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Species boundaries, phylogeography and conservation genetics of the red-legged frog (Rana aurora/drytonii) complex

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Species boundaries, phylogeography and conservation genetics of the red-legged frog (Rana aurora/drytonii) complex. Presented by: Chris Burton & Matt Meyer. Presentation Overview. Introduction – Matt Materials and Methods – Chris Results – Chris Discussion and Implications - Matt.

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Species boundaries, phylogeography and conservation genetics of the red-legged frog (Rana aurora/drytonii) complex

Presented by: Chris Burton & Matt Meyer

presentation overview
Presentation Overview
  • Introduction – Matt
  • Materials and Methods – Chris
  • Results – Chris
  • Discussion and Implications - Matt
r aurora
R. Aurora
  • Originally classified as two distinct species: R. aurora (Northern red-legged frog) and R. draytonii (California red-legged frog)
  • Reclassified R. aurora as a single polytypic species with two subspecies, R. a. aurora & R. a. draytonii
  • Currently R. a. aurora and R. a. draytonii are conspecific subspecies

R. a. aurora

R. a. draytonii

r aurora4
R. aurora
  • Once widespread in Sierra Nevada and San Joaquin Valley
  • Currently only 6 known, recently discovered, populations still in existence in these areas
  • R. a. draytonnii – threatened under US Endangered Species Act. – Enormous economic and ecological consequences
  • Mark Twain’s – “The Celebrated Jumping Frog of Calaveras County”

Restricted to Pacific Coast of North America from southern British Columbia to northern Mexico.

  • Broad Zone of Intergradation – several hundred kilometers in northern California

materials and methods
Materials and Methods


  • 108 Specimen from six taxa
  • Sample 50 sites that span the range of aurora and draytonii – (1 to 4 from each site)
  • Included three outgroup taxa
    • R. boylii
    • R. muscosa
    • R. catesbeiana
molecular methods
Molecular Methods
  • DNA was extracted
  • Primers were developed to amplify a fragment of cytochrome b mtDNA from all taxa
  • Species specific Primers
      • cytb1-ra
      • cytb1-rm
      • cytb1-rb
      • cytb2-ra
  • Individual were sequenced in both directions
  • Sequences ranged from 297 to 397bp (most ~ 350bp)
  • Parsimony analysis was ran on both short and full fragments
  • Likelihood analysis used MODELTEST for a common 287bp fragment
  • Bootstrap proportions (BP) were used to asses the strength of the trees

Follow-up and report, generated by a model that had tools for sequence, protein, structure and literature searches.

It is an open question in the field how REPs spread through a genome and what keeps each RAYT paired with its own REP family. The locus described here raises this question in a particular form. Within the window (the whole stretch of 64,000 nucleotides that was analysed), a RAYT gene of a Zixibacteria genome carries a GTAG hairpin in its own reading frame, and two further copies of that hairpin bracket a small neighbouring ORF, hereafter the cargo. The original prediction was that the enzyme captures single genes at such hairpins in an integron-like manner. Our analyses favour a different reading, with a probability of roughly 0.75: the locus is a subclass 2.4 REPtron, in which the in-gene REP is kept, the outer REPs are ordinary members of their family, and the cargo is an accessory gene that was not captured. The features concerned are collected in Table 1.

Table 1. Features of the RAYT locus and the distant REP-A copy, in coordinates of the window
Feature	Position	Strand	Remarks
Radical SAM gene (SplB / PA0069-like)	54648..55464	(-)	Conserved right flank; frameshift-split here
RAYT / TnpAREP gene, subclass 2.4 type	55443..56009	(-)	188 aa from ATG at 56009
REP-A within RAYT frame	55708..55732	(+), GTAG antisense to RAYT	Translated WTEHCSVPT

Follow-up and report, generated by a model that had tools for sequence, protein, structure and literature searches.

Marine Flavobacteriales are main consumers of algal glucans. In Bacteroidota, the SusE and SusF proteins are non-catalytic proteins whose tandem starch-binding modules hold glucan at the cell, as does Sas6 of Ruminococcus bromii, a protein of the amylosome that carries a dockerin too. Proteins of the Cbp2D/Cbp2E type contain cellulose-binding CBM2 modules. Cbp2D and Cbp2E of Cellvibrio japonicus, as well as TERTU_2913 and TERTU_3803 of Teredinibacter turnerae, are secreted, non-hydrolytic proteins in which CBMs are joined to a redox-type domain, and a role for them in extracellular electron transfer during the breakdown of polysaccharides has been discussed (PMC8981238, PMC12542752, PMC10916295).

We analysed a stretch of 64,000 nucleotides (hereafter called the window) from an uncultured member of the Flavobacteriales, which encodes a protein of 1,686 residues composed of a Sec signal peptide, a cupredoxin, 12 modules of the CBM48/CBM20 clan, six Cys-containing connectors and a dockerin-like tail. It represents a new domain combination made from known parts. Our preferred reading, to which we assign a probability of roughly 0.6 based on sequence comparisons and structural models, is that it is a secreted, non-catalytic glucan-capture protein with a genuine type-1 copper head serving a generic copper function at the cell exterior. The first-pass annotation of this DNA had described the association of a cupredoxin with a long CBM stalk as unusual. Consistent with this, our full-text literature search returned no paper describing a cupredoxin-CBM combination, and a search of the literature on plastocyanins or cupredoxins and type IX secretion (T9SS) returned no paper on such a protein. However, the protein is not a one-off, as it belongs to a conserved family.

• Parametric bootstrapping used to test a prior hypthesis of relationships
  • 47of 107 sequnces were unique
  • All individuals showed low frequency of guanine. – f(G)=0.15
  • Optimal Model selection HKY+G



  • Several well supported clades
  • Demonstrate a sister-group between aurora and cascadae
  • aurora and cascadae are not a monophyletic group
bootstrap likelihood of subset of unique sequences
Bootstrap Likelihood of Subset of Unique Sequences
  • 15 sequences – 3 of each major group
  • Show monophyly of individual taxon and the monophyly of aurora and cascadea clade
parametric bootstrap analysis
Parametric Bootstrap Analysis
  • Test Hypothesis that Rana a. aurora and R. a. draytonii are sister taxa
  • Search for a model tree, with aurora + draytonii forming an exclusive clade
the aurora draytonii contact zone
The aurora/draytonii contact zone
  • Sample effort was supplemented
    • To approximate the width of the contact zone
    • To identify biogeographical barriers
  • Found that the two over lap over a several-km region
  • Pure aurora found from Big River north
  • Pure draytonii from Mills Creek south
  • In between both were found
  • Breeding dynamics or restriction of overlap zone can not be determined due to only one or a few indiviuals being sequenced per site
  • However, mtDNA contact zone can be determined to be narrow with no obvious barriers to gene flow
discussion and conclusions
Discussion and Conclusions
  • mtDNA data supports the separate species hypothesis based on:
      • Relatively deep differentiation and reciprocal monophyly of aurora and draytonii
      • The sister group relationship of aurora and cascadae and the exclusion of draytonii
  • Assuming the data reflects the correct order of speciation:
      • Split 1 – between northern (aurora & cascadae) and southern frogs (draytonii)
      • Split 2 – between coast range (aurora) and interior cascade mountains (cascadae)
  • Past studies have shown two distinct phylogeographical splits along the Pacific Coast in California
    • North/South break
    • Northern California break
  • These phylogeographic boundaries relatively coincide with the north and south ends of the aurora and draytonii contact zone
  • Data reflects history of species, not just mitochondrion
species conservation implications
Species Conservation / Implications
  • As a result of the data, many of the population that were thought to be intergrades are not.
    • draytonii (protected species) extends farther north
    • Confirmation with nuclear markers could result in a conservation status adjustment
  • Single draytonii population in southern California
    • Only 3 adult males
    • Captive breeding
    • Data suggests more closely related to distant draytonii populations rather than closest ones